A bacterial species that survives by 'breathing' rock has intrigued scientists for decades, even though the inner workings of its mysterious cellular respiration technique have remained far from clear.
Now, in a new study investigating the strange habits of the bacterium Shewanella oneidensis, researchers have discovered that the microbe's ability to 'breathe' by transporting electrons externally to solid surfaces is influenced by molecular chirality, which induces an optimal direction of electron spin as the organism 'exhales'.
This phenomenon appears to help S. oneidensis (aka S. oneidensis MR-1) to exist in environments with little or no oxygen, discarding electrons in anaerobic conditions, such as rocky and metallic habitats deep underground.
"Unlike most organisms that are able to use oxygen as the electron acceptor, these bacteria transfer the electrons to a solid mineral or, as they do in our lab, to electrodes that are outside the cell," explains biomedical engineer Sahand Pirbadian biomedical engineer Sahand Pirbadian from the University of Southern California (USC).
S. oneidensis was first identified back in the 1980s, with scientists isolating the microbe in sediment taken from Oneida Lake in New York. Researchers soon found the metal-munching microbe could extract energy from minerals in airless conditions – a trick that enables it to do things like power microbial fuel cells and produce the 'wonder material' graphene.
But how does this nifty survival strategy actually work? For a long time, it was thought that S. oneidensis transported electrons to its external environment via hair-like 'bacterial nanowires' that acted as a conduit and literal lifeline to offload electrons.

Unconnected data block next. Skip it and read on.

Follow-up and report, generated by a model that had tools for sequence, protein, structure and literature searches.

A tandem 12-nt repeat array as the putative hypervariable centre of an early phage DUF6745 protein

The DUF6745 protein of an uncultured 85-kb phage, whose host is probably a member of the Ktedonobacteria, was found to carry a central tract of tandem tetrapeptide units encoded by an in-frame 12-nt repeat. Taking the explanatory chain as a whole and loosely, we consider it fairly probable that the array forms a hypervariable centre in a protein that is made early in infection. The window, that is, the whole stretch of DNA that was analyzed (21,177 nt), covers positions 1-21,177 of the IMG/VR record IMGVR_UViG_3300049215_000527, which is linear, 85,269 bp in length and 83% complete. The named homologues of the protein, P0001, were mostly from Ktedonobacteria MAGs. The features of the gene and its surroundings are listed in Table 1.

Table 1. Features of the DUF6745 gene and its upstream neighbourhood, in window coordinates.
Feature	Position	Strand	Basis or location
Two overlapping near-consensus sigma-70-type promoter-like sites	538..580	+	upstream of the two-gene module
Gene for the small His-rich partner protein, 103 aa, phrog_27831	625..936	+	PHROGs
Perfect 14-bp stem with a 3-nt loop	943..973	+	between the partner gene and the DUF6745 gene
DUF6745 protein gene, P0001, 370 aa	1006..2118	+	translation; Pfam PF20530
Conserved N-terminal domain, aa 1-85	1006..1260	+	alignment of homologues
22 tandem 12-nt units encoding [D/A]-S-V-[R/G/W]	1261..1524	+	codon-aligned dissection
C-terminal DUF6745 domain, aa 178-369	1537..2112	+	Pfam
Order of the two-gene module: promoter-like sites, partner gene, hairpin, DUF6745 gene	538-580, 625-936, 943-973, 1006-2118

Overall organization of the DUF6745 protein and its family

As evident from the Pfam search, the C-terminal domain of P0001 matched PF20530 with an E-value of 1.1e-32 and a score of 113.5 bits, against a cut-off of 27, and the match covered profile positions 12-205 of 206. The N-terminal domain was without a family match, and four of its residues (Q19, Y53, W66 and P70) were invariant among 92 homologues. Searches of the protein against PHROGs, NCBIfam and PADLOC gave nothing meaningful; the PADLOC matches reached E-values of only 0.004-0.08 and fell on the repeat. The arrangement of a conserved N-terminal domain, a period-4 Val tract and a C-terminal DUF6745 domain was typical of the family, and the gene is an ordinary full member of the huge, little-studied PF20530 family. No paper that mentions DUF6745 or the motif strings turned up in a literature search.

"If you don't give it an electron acceptor, it dies," USC microbiologist Kenneth Nealson, who helped first discover S. oneidensis decades ago, explained in 2010. "It dies pretty rapidly."
In recent years though, USC researchers found that these bacterial nanowires weren't hair-like protrusions of the cell (known as pili), but something else entirely: membrane extensions featuring electron-carrying proteins called cytochromes.
"The pili idea was the strongest hypothesis, but we were always cautious because the exact composition and structure were very elusive," USC microbiologist Moh El-Naggar said in 2014. "In many ways, it turned out to be an even cleverer way for bacteria to power themselves."
In subsequent work, El-Naggar's lab team discovered that the structure of the nanowires resembled a string of pearls, with the cytochrome proteins effectively floating along the chain, transporting electrons through a combination of direct electron hopping and diffusion of electron carriers.
Now, the group has revealed another insight. In their new study, the researchers found that as electrons are transported along the nanowire, their direction of electron spin – a quantum phenomenon describing their angular momentum – seems to be influenced by the chirality (left- or right-handedness) of the cytochrome molecules. This is due to the polarity of magnetic fields that are themselves determined by the chirality.
"By the time the electrons traverse the molecule wire, the majority end up having the same quantum spin – up or down – depending on the chirality," says El-Naggar.
"This study is the first to confirm that the electrically conductive proteins in these cells are selecting the spin of electrons."
This effect, called chiral induced spin selectivity (CISS), might stand to do much more than just optimise the efficiency of electron transport during the cellular respiration of S. oneidensis.
Ultimately, the researchers say, if we can understand these processes well enough, we might be able to harness the mechanism in spintronics technologies, which promise to offer vastly more powerful devices than conventional computers.
We're not there yet, but thanks to this new understanding of the intricate structures used by S. oneidensis, we're getting closer.
"There is an ongoing hunt for materials that can serve as the basis for new spintronic technologies," El-Naggar explains. "Our work shows that bacterial cytochromes may be interesting candidates for spintronics."
The findings are reported in Journal of the American Chemical Society.